Kew Bull. 38: 131. 1983.
Herbs, perennial, creeping, succulent. Stems 3–30 cm. Leaves ± conduplicate; blade oblong-elliptic to lanceolate-oblong, 1–3.5 × 0.3–0.8 cm (distal leaf blades much narrower than sheaths when sheaths opened, flattened), margins ciliolate, glabrous. Inflorescences sessile or nearly sessile, subtended by 0–2 leaves that resemble spathaceous bracts, these leaves. Flowers pedicellate; pedicels 0.8–1.2 cm, glabrous or nearly so; sepals strongly keeled, 0.4–0.5 mm, shortly, densely pubescent on keel; petals bright pink to rose, ovate, 0.5–0.7 cm; stamens 6; filaments bearded. Capsules 3-locular, 2 mm. Seeds 1.5 mm. 2n = 24.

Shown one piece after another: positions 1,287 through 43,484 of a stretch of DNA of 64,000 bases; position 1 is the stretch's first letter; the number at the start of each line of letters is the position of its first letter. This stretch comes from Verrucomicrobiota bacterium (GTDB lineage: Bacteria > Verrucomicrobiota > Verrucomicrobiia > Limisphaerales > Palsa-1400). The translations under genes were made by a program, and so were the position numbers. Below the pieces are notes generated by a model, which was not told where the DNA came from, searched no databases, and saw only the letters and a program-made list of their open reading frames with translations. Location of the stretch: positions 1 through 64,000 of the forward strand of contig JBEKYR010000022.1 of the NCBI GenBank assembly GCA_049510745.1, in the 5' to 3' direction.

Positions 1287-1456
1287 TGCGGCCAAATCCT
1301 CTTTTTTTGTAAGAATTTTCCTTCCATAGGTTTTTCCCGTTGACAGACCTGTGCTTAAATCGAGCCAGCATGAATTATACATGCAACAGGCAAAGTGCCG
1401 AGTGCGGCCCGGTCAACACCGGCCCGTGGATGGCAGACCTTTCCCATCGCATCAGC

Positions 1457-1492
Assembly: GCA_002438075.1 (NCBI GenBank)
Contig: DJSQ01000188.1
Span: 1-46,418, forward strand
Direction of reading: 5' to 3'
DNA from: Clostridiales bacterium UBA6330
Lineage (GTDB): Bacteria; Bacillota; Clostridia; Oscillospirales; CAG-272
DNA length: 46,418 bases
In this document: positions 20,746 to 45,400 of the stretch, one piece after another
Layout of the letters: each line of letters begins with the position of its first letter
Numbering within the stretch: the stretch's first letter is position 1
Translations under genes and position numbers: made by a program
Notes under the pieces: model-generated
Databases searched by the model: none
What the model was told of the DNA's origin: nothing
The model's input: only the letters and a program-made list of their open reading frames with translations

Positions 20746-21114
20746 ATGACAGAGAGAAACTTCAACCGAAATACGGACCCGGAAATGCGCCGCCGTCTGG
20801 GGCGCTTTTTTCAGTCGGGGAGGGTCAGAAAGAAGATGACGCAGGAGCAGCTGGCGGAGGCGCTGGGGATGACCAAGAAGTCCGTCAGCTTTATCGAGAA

Phenology: Flowering spring–fall (May–Sep).
Habitat: Sandy or clayey soils in open oak or mesquite woods and prairies
The generic placement of this species requires some explanation because the leaves subtending the inflorescence resemble the bracts of species of Tradescantia. The interpretation of D. R. Hunt (1986b), which I am following, is that the true bracts are small and are borne distal to those leaves.